Aquatic Plants
Nothing brings color and life to your pond like Aquatic Plants
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Aquatic plants are a great asset to any garden pond. Not only do they give the pond a more natural appearance, but they can help the pond's biological ecosystem. As is the case with any ecosystem, plants are vital to the overall health of the environment. Pond plants provide the same advantages to the pond as plants do to the world at large: they filter the water, they absorb certain materials and add others and they provide shelter for the denizens of the environment. Plants that grow in and around water offer an incredible kaleidoscope of colors, textures and patterns to please every visitor to the pond.

Floating Pond Plants
Floating plants should be planted as free-rooted floating on the water surface and are great for filling empty space and as a form of decoration. Floating aquatic plant foliage should cover approximately 60% of the pond surface area in order to achieve a good balance. Pond plants will keep the water cool in the summer and help keep algae away. The roots make great spawning media for both fish and frogs. Fish often find refuge in floating aquatics.

Water Lilies
Water lilies are some of the most beautiful and popular pond plants you can purchase for your water garden. From their shape and size, their color and fragrance, or their blooming patterns and growing periods, there is a water lily for every preference and every pond. Besides being pleasing to the eye, water lilies do a great deal to maintain the well-being of the ponds they inhabit. For one, they provide shade to keep the water temperature down during the hot summer months. Their shade also gives shelter to any fish that may be in the pond, a respite from both the sun and any predators that may be lurking nearby. By blocking out a lot of sunlight, the lilies help to keep the algae growth down. And because hardy lilies are a higher plant form than algae, the algae in your pond gets starved off, keeping your pond clean.

Submerged Pond Plants
Submerged plants also known as, oxygenators, are a must have in any pond or water garden for the beneficial qualities they provide to your water garden's ecological system. They compete directly with the algae in your pond for nutrients, keeping your water garden clean and clear. Submerged pond plants do not need soil. It does not matter whether they float rootless beneath the surface of the water or are planted in the ground at the bottom of the water, they need to be underwater to survive. The submerged plants, similar to floating plants, continuously absorb nitrates and phosphates in the water which are the leading nutrients that promote algae growth. They will feed just fine off of the nutrients in your pond water. They also provide great spawning media for your fish, frogs, and snails. Fish will even lay their eggs on them.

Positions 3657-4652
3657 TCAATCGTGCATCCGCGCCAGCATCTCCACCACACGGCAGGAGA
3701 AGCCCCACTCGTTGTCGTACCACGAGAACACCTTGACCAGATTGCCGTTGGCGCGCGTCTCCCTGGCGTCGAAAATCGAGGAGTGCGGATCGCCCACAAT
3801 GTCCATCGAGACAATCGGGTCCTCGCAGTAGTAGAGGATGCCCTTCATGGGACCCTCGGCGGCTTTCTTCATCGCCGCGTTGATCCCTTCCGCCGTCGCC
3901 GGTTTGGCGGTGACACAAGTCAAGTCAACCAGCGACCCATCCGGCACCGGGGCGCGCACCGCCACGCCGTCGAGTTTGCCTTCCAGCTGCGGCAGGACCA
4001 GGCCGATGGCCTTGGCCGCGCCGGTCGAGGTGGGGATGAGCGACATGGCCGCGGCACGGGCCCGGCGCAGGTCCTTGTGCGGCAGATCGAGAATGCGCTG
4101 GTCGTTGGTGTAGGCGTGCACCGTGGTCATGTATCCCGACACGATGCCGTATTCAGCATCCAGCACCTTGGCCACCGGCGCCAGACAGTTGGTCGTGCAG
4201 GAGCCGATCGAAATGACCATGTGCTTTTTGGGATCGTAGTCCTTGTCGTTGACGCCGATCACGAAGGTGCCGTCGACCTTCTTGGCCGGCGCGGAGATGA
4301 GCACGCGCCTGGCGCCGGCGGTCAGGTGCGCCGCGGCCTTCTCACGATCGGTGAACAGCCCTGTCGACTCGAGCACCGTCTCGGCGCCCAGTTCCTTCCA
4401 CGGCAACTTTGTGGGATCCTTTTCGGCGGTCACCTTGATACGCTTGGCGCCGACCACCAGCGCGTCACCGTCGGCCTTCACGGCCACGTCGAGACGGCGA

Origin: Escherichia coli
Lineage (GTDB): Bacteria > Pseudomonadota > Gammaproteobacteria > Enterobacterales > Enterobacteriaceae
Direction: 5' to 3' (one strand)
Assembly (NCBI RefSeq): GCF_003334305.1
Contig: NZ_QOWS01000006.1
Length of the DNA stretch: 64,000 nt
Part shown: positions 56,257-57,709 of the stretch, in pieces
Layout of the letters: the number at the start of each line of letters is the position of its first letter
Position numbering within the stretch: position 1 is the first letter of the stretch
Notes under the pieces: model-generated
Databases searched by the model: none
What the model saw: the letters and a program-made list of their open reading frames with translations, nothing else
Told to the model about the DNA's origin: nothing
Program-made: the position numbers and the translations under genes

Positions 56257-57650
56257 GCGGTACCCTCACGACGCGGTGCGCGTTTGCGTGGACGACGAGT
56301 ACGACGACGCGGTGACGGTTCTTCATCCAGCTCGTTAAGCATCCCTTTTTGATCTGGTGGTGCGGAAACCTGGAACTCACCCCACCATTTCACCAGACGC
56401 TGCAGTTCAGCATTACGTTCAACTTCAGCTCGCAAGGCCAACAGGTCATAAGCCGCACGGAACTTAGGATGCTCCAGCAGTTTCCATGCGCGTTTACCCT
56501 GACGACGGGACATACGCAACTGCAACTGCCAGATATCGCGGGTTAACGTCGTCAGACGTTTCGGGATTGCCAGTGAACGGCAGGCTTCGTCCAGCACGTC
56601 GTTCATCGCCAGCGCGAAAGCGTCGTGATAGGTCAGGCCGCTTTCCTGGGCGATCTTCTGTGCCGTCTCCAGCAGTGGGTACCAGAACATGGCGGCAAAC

Marginal Pond Plants
When choosing plants for ponds, a good variety will almost always include marginal plants. Marginal water plants, as the name suggest grow in shallow water areas around your garden pond. Like other water plants, marginal plants offer excellent natural filtration, while adding a very nice look to your pond. Marginal plants come in hardy and tropical varieties, from tall reeds and rushes to low growing ground cover plants. By using these water plants you can help make your water garden more complete with different heights in your pond plants. All water gardens should have several of these beautiful water plants.

Rosette Water Lettuce

Like normal water lettuce, the rosette version really does resemble a head of lettuce or cabbage floating on your pond, but this one has lovely ruffled edges as well, makes it look like a green rose! The lime green leaves are spongy, crinkly and velvet in texture. When mature, each leaf may grow up to 12 inches. One individual plant can grow up to 24 inches in diameter, though water lettuce has a running spread.

Common Name Use Flower Color Leaf Color Height Hardiness Zone Native To Available As
Water Lettuce Rosette Floating N/A Green 12" 9-12 Cultivar Bare Root
Water Lettuce

Water lettuce really does resemble a floating head of lettuce or cabbage. The lime green leaves are spongy, crinkly and velvet in texture. When mature, each leaf may grow up to 12 inches. One individual plant can grow up to 24 inches in diameter, though water lettuce has a running spread.

Common Name Use Flower Color Leaf Color Height Hardiness Zone Native To Available As
Water Lettuce Floating N/A Green 12" 8-11 Pan-Tropical Bare Root
Water Hyacinth

Known for its prominent lavender-blue flowers and broad, thick, glossy, ovate leaves that measure 4-8 inches across. Water hyacinth may rise above the surface of the water as much as 1 meter in height. The leaves float above the water surface and grow quickly in warm water. They have long, spongy and bulbous stalks. The feathery, freely hanging roots are purple-black.

Common Name Use Flower Color Leaf Color Height Hardiness Zone Native To Available As
Water Hyacinth Floating Lavender Green 12" 9-11 Brazil, but has been spread world-wide Bare Root
Nymphaea Barbara Dobbins Water Lily

Pale yellow to peach with a pink blush. Beautiful cup-shaped flower rises 6-10” above water’s surface. Mottled leaves.

Common Name Hardiness Flower Color Pad Color Size Hybridizer
Nymphaea Barbara Dobbins Hardy Peach/Orange Green Medium Strawn 1996
Nymphaea Andreana Water Lily

Flowers start as light red and darken by the third day. Leaves are green with reddish blotches. Great for small ponds and tub gardens.

Common Name Hardiness Flower Color Pad Color Size Hybridizer
Nymphaea Andreana Hardy Red/changeable Green with mottling Medium Marliac 1895